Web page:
Fresh Tot 톳 at a market in Busan.

In Korean cuisine, Tot is frequently used to make side dishes in which it is combined with tofu or vegetables. There is e.g. Tot with mashed tofu (tot dubu muchim 톳두부무침), and Tot mixed with soy bean sprouts and seasoned with doenjang (된장, Korean fermented soybean paste), which is known as Tot kongnamul doenjang muchim (톳콩나물된장무침). Apart from that, the seaweed can be cooked along with rice to make Tot-bap (톳밥). When fresh Tot is used for Tot-bap, white rice becomes light brown and the flavor of seaweed soaks into the rice, so that it smells a little bit “fishy” and tastes slightly salty!

🟤 Mojaban 모자반

Mojaban (모자반) is one of several names given to a brown algae that is probably Sargassum horneri. In Korea, it is also called Mom (몸) or Molmang (몰망). It is related to Tot and likewise has a structure reminiscent of vines or creepers. Mojaban‘s appearance may remind you even more of plants since the long, central stem grows leaf-like structures as well as small spheres that look like berries or flower buds.

At present, Mojaban is hard to find in Seoul, but it’s available in coastal areas such as Busan and Jeju Island – sold in fresh or dried form. It is the main ingredient in Momguk (몸국), which is a local specialty of Jeju Island. Apart from that, it appears as Mojaban muchim (모자반무침), when it’s mixed with seasonings and dressed like a salad.

🔴 Kkosiraegi 꼬시래기

Gracilaria verrucosa is a red algae that is also referred to as “sea string”, “Irish moss” or by its Japanese name ogonori (オゴノリ). 🔴 In Korea, it is officially called Kkosiraegi (꼬시래기), although the description “sea noodles” (bada-ui guksu 바다의 국수) is mentioned along with it. This seaweed’s shape is as long and as thick as spaghetti pasta. 🍝 But it is dark brown, dark red or green in color! Sometimes, there are a few, short hair-like structures growing on the surface, too. Kkosiraegi has a chewy and crisp texture. While fresh Kkosiraegi is rarely available in a city like Seoul, it can be purchased salted and dried in markets and stores.

It’s enjoyed together with thinly sliced vegetables in some kind of muchim (무침), which are cold salads served as side dishes. Varying with the dressing, the flavor of Kkosiraegi muchim (꼬시래기무침) is typically sour, salty, sometimes spicy and definitely umami! Pouring spicy and sour chili sauce (chogochujang 초고추장) over it, is a simple and flavorful way of serving Kkosiraegi as well. Another dish featuring this seaweed is Kkosiraegi bibim (꼬시래기비빔), in which it is combined with a sauce similar to cold mixed noodles like e.g. Bibimmyeon (비빔면). The long strings of seaweed can be eaten just like noodles!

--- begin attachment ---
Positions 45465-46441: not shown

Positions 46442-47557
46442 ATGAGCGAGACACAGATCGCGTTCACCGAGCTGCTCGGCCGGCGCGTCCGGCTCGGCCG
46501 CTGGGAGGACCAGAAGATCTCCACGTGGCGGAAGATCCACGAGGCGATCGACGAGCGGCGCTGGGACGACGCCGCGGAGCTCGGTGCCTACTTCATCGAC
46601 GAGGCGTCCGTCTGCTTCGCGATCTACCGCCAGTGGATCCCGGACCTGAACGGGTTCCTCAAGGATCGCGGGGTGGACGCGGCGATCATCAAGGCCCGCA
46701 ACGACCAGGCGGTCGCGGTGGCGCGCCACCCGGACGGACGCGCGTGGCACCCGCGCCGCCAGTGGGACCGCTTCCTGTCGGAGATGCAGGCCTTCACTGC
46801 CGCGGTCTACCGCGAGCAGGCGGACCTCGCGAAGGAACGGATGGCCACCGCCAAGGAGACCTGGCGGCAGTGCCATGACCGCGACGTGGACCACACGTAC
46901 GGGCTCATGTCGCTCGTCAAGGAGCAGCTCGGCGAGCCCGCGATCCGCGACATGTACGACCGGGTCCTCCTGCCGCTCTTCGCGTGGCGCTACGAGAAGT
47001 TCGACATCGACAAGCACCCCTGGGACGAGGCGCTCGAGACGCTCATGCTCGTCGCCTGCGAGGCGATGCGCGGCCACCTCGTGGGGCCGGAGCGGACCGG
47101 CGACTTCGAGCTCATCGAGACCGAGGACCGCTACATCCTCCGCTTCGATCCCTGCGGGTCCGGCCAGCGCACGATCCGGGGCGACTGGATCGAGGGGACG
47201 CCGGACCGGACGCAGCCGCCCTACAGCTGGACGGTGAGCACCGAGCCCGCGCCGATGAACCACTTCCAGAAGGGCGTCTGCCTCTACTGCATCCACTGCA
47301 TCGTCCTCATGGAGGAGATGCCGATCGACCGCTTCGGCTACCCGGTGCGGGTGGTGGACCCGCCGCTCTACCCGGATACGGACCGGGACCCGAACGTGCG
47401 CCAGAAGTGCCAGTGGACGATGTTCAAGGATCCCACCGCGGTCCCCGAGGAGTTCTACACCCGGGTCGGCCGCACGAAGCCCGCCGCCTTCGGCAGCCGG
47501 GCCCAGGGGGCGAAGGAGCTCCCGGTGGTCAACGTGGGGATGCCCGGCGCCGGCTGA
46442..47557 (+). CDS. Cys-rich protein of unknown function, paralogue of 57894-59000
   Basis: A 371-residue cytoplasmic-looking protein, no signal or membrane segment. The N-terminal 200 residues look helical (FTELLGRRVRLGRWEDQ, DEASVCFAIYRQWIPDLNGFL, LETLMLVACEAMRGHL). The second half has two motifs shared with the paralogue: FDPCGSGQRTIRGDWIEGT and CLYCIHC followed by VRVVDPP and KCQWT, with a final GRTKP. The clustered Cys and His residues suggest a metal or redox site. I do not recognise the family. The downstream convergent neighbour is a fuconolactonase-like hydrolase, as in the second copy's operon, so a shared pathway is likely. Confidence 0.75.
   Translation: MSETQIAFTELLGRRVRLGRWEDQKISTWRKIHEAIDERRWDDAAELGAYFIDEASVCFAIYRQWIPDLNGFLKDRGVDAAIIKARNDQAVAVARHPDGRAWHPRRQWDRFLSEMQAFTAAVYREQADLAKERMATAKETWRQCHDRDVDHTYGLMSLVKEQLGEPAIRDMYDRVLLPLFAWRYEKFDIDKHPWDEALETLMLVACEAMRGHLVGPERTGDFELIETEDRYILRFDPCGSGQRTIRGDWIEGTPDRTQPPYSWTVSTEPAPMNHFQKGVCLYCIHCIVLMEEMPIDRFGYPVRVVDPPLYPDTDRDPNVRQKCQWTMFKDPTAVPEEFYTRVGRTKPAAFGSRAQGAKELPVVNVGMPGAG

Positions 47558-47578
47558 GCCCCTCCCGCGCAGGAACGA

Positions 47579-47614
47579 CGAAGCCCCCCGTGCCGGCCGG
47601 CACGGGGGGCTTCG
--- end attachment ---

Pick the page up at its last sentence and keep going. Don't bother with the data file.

🔴 Buldeung-gasari 불등가사리 and Semogasari 세모가사리

Dried Semogasari 세모가사리.

Buldeung-gasari (불등가사리) and Semogasari (세모가사리) are species of red algae. 🔴 It’s hard to find either of these kinds of seaweed on their own. Rather, they are usually mixed with other seaweeds and sold as seaweed salads (pickled or dried). Both color as well as shape are eye catching: They resemble miniature shrubs with countless branches! What looks like pointed ends or sharp spikes is actually quite soft and bendable. Their texture is a little bit chewy.

In seaweed salads, which are called haecho saelleodeu (해초샐러드) or haecho muchim (해초무침), the taste of Buldeung-gasari and Semogasari is rather subtle and does not particularly stand out.

Seaweed salad with Miyeok 미역, red-colored Semogasari 세모가사리 and pieces of translucent Hancheon 한천.

🔴 Umutgasari 우뭇가사리

Another red algae is a seaweed called Umutgasari (우뭇가사리) or Gelidium amansii. 🔴 Despite its color, however, this seaweed is more prominent in processed form when its translucent! Because it is the raw material of the gelling agent known as agar, or Hancheon (한천 寒天) in Korean. The dried seaweed loses its color and turns pale yellow.

Upon cooking, Umutgasari releases a gel that solidifies when cooled. The liquid extracted from Umutgasari is widely used to make Umuk (우묵 / Umu 우무), a half-translucent jelly with yellowish gray color. Since this vegan jelly is low in calories and has a high moisture content, it is considered as a diet food in Korea. Its taste is bland, but it has a subtle and distinct smell to it. Umuk is a seasonal specialty of summer and served in refreshing dishes, such as Umuk muchim (우묵무침) or cold soups like Umu naeng-guk (우무냉국) and Umu kong-guk (우무콩국).

A more processed food item based on red algae such as Umutgasari is Hancheon: